As the leading female character, Elizabeth (Irene Jericho) is featured as a lover to Victor. Jericho’s unique dulcet vocals carry sublime melodies during her moments of solo featured in “House of Sorrow.” And when she blends harmonies with Victor for their duet “The Veil” there is a glowing warmth that twines their voices together in terrified love and desperate need. Jericho has an impressive range with a very modern sound to the way she delivers this range and her fully sustained notes. The voice that stuns everyone into silence is the rich contra-base sound of The Creature (Greg Bowen). When Bowen’s voice is first heard it comes quite literally out of nowhere; a complete shock. But his voice is so deep and so rich and so powerful that it possesses and entrances your ear and literally gives you chills! His tragic story resonates through in “Fallen Angel” and in this moment his frame is backed up against a shadowy silhouette of broken wings, creating a visual and musical moment so stunning that it melts your mind to take it all in. Bowen has an incredible mastery of his grotesque physicality, lumbering, shuffling as a reanimated corpse would, and his makeup is truly frightening. When Bowen’s voice duals against Victor during “Retribution” it’s a haunting moment of raw exposed nerves; utterly phenomenal. Vying for lead singers are Walton (Robert Bradley) as the narrative character and Victor (Andrew Lloyd Baughman), The pair have an incredible, almost unbelievable talent, that makes you wonder why they aren’t pursuing the MET. Baughman’s range, spiking close to that of a mezzo soprano is stunning and so richly loaded with emotions that you feel all of his pains; sorrow, remorse, regret, twisted confusion all blasting out to the audience in belt after belt. His solos, featured heavily throughout, but particularly for “Modern Prometheus” and “House of Sorrow” feature furious blasts of exposed nerves, blending sorrow with vengeance and regret with disgust. His voice is intense and when he blazes to the high notes he sweeps you away entirely.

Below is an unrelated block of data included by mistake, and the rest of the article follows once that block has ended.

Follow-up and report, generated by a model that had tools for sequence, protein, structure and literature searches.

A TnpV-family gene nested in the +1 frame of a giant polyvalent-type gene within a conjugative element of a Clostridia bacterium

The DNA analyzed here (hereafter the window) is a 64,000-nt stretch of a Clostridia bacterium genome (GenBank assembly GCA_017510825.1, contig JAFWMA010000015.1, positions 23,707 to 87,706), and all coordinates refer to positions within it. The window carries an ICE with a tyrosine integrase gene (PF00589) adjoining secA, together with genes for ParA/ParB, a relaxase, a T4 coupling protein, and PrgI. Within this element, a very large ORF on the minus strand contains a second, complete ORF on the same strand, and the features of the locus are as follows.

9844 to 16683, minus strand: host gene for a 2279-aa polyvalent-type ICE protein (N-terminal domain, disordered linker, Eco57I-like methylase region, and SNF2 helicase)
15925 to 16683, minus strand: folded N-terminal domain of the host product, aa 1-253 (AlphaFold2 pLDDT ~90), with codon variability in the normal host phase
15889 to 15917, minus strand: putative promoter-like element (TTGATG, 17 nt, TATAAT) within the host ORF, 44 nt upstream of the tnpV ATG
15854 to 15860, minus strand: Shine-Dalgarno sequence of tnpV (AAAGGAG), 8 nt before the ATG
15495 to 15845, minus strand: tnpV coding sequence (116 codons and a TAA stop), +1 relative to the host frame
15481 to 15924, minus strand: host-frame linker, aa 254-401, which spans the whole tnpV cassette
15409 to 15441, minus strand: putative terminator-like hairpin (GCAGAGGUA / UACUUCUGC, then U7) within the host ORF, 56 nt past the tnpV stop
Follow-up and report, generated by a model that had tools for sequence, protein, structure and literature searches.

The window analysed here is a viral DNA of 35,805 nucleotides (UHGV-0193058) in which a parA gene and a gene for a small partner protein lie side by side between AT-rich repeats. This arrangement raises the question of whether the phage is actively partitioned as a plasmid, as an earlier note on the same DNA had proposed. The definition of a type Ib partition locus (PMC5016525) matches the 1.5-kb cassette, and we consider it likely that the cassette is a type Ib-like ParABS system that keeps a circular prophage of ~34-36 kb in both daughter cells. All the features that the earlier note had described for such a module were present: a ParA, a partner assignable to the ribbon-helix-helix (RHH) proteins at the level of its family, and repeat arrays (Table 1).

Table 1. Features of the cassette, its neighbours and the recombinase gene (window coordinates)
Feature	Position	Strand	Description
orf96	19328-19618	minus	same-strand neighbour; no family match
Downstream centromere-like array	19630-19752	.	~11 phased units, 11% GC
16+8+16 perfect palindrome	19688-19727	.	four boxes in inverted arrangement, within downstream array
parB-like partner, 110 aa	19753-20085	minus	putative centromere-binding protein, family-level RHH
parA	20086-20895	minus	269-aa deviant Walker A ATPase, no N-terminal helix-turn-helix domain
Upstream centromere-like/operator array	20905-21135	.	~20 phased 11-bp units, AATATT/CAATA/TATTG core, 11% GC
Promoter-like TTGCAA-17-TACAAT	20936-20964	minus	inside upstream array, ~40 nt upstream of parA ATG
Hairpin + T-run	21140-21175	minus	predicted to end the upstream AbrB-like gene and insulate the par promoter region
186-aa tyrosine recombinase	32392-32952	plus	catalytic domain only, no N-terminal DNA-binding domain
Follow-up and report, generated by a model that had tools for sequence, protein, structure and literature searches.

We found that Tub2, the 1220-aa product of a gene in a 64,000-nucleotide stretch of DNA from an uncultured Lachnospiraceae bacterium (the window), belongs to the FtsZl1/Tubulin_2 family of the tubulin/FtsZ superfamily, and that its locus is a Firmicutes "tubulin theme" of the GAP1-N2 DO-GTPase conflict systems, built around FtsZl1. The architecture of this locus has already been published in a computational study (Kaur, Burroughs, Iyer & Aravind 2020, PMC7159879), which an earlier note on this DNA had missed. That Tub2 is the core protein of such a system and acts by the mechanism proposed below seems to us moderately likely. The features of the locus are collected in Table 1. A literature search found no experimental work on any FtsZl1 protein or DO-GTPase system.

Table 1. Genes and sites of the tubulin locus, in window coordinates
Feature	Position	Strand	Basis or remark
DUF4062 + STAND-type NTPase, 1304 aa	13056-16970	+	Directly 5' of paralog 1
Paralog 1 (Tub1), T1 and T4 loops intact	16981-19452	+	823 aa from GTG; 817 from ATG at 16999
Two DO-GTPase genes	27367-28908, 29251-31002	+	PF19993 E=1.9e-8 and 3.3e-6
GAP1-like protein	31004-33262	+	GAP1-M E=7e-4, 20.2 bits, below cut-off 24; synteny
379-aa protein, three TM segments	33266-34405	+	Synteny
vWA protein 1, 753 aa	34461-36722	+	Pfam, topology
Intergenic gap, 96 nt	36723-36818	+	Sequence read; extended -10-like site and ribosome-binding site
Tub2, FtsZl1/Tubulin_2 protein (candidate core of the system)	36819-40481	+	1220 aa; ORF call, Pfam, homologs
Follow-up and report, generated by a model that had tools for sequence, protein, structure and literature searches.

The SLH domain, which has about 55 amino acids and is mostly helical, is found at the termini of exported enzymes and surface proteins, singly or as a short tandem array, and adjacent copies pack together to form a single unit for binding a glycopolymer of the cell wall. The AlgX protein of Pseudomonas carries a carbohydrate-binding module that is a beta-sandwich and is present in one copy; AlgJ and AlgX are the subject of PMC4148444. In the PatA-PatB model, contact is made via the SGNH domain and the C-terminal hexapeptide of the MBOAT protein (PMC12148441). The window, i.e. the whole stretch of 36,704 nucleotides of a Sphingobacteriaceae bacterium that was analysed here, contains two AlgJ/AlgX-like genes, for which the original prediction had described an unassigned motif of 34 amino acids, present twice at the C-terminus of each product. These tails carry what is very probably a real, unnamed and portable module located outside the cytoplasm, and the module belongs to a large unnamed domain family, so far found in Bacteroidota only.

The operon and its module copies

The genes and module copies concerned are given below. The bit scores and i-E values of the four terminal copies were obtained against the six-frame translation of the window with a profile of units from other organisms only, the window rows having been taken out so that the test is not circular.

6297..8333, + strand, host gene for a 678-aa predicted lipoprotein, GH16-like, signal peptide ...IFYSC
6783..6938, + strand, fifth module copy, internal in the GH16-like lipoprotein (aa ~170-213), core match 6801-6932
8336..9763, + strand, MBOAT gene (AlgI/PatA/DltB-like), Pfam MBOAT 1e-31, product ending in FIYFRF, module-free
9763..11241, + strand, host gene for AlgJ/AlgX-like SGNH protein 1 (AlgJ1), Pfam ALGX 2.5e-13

Bradley, having a fierce and commanding stage presence with his narrative aspects, molds the story of Victor and transforms it to his own. His eyes are almost demonic as he gazes out to the audience, locking onto every word he sings and pushing it forth with a desperate need. This ferocious stare combined with his stunning vocals pulls the audience along on his journey, like a tortured siren dragging us to the depths. In “Beyond the Night” and “Walton’s Reprise” his tone carries the ominous foreboding and tragic aftermath of the story that lies ahead and what has fallen behind, respectively. And when he belts in the upper range, it’s another complete mind melting moment. When Bradley and Baughman blend voices for duets during “Shadow of the Beast” and “House of Sorrow” it is a fierce vocal eruption loaded with anguish, both men belting at the top of their range and the top of their lungs, delivering each note with a vehement world of emotions, all letting loose at once. They are the epitome of rock opera singers and do the score and lyrics a sensational justice. Get to see Landless Theatre Company’s Frankenstein before the life wends its way from off the stage and vanishes into the cold dark night. Running Time: Approximately 65 minutes, with no intermission. Frankenstein plays through June 30, 2013 at GALA Hispanic Theatre in Tivoli Square — 3333 14th Street, NW, in Washington, DC. Tickets are available for purchase at the door, or online. LINKS Part One: “Richard Campbell’s Frankenstein: Making a Monster Rock Opera”: Meet Robert Bradley Part Two: “Richard Campbell’s Frankenstein: Landless Making a Monster Rock Opera:” Meet Andrew Baughman Part Three: “Richard Campbell’s Frankenstein: Landless Making a Monster Rock Opera:” Meet Irene Jericho. http://youtu.be/GV3Or0tkmFo